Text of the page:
Because invalidation is greedy in this way, it makes sense to test Johnny against your site to see if this type of caching is beneficial.

Transactions

Transactions represent an interesting problem to caches like Johnny. Because the generation keys are invalidated on write, and a transaction commit does not go down the same code path as our invalidation, there are a number of scenarios involving transactions that could cause problems.

The most obvious one is write and a read within a transaction that gets rolled back. The write invalidates the cache key, the read puts new data into the cache, but that new data never actually sees the light of day in the database. There are numerous other concurrency related issues with invalidating keys within transactions regardless of whether or not a rollback is performed, because the generational key change is in memcached and thus not protected by the transaction itself.

Because of this, when you enable Johnny, the django.db.transaction module is patched in various places to place new hooks around transaction rollback and committal. When you are in what django terms a "managed transaction", ie a transaction that you are managing manually, Johnny automatically writes any cache keys to the LocalStore instead. On commit, these keys are pushed to the global cache; on rollback, they are discarded.

Using with TransactionMiddleware (Django 1.2 and earlier)

Django ships with a middleware called django.middleware.transaction.TransactionMiddleware, which wraps all requests within a transaction and then rollsback when exceptions are thrown from within the view. Johnny only pushes transactional data to the cache on commit, but the TransactionMiddleware will leave transactions uncommitted if they are not dirty (if no writes have been performed during the request). This means that if you have views that don't write anything, and also use the TransactionMiddleware, you'll never populate the cache with the querysets used in those views.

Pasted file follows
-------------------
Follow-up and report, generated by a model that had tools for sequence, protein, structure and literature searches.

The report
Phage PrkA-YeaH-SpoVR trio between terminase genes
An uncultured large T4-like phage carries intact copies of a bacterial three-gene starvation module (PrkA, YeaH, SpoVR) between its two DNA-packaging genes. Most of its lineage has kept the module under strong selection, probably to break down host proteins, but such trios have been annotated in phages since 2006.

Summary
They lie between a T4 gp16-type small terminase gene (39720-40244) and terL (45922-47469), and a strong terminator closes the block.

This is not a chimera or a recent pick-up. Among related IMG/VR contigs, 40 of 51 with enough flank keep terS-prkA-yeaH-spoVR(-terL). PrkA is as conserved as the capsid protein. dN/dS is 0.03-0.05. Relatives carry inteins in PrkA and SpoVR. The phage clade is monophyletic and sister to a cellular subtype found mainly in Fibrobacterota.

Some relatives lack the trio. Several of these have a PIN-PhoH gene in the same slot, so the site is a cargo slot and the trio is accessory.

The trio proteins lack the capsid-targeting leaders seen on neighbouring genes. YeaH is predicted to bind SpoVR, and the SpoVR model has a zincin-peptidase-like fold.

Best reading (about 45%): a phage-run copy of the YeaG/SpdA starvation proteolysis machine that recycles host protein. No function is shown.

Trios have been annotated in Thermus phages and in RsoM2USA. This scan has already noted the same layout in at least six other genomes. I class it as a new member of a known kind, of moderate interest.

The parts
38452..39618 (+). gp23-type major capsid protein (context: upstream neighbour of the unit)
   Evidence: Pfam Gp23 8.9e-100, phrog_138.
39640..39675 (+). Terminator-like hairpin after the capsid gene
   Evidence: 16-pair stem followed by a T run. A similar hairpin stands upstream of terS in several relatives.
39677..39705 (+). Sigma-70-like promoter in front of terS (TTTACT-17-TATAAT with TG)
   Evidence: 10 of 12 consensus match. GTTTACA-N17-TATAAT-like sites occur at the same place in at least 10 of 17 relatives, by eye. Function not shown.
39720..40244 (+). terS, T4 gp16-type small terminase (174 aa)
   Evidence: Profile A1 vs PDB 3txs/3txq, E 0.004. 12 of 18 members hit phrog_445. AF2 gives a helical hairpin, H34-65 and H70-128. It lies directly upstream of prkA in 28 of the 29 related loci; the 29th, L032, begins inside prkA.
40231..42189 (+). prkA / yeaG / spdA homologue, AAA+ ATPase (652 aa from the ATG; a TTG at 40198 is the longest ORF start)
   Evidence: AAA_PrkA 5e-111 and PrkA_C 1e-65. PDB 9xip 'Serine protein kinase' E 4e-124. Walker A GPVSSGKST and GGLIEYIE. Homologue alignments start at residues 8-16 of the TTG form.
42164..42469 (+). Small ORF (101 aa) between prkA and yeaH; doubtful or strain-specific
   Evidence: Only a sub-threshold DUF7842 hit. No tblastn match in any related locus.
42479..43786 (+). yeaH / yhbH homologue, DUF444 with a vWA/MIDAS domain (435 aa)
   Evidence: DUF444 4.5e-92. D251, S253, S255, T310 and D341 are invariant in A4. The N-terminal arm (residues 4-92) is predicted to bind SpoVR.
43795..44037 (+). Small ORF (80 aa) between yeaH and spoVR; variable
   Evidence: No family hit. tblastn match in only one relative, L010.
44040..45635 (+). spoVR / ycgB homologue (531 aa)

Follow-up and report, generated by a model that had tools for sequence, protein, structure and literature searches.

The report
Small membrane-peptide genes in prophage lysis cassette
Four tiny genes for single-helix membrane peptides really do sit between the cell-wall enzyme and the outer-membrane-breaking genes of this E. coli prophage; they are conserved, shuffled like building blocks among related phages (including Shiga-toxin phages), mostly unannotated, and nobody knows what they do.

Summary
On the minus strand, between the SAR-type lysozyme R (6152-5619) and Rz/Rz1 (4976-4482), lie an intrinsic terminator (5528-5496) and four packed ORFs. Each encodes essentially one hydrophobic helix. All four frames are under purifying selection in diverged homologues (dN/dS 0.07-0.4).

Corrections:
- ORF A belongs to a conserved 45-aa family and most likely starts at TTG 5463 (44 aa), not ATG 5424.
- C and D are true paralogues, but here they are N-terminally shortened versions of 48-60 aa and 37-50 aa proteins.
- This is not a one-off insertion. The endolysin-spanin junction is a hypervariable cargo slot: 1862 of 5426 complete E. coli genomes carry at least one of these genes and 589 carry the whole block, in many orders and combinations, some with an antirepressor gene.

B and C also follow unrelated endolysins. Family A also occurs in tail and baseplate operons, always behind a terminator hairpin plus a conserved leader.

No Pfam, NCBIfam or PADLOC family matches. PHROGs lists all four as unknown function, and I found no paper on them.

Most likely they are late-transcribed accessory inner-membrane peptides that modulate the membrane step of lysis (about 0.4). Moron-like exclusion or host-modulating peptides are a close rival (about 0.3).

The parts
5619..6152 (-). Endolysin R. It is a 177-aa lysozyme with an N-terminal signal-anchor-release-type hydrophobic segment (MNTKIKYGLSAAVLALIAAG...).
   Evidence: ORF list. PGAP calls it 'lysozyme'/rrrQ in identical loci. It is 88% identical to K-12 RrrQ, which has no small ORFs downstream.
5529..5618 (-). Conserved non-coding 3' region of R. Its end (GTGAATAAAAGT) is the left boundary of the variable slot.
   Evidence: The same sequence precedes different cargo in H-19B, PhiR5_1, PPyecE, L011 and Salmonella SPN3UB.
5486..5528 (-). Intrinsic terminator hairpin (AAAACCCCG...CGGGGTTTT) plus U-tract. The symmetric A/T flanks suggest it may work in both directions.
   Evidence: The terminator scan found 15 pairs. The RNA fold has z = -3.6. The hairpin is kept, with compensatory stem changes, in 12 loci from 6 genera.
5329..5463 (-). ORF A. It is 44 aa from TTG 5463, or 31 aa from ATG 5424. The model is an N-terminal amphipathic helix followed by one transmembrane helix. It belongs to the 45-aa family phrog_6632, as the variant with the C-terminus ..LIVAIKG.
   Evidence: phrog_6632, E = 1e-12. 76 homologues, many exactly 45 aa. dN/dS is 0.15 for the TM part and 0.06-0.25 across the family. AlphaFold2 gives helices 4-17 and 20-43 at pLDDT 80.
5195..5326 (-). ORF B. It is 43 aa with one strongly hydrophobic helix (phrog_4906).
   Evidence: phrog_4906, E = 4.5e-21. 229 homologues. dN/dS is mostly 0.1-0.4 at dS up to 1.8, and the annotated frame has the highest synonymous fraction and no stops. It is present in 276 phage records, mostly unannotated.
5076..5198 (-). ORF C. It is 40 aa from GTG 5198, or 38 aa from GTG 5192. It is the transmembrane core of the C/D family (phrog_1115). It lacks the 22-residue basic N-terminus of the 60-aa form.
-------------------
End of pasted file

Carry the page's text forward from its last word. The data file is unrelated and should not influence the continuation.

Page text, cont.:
This problem is described in django ticket #9964, and has been fixed as of Django 1.3. If you are using a Django version earlier than 1.3 and need to use the TransactionMiddleware, Johnny includes a middleware called johnny.middleware.CommittingTransactionMiddleware, which is the same as the built in version, but always commits transactions on success. Depending on your database, there are still ways to have SELECT statements modify data, but for the majority of people committing after every request, even when no UPDATE or INSERTs have been done is likely harmless and will make Johnny function much more smoothly.

Savepoints

Johnny supports savepoints, and although it has some comprehensive testing for savepoints, it is not entirely certain that they behave the same way across the two backends that support them. Savepoints are tested in single and multi-db environments, from both inside and outside the transactions.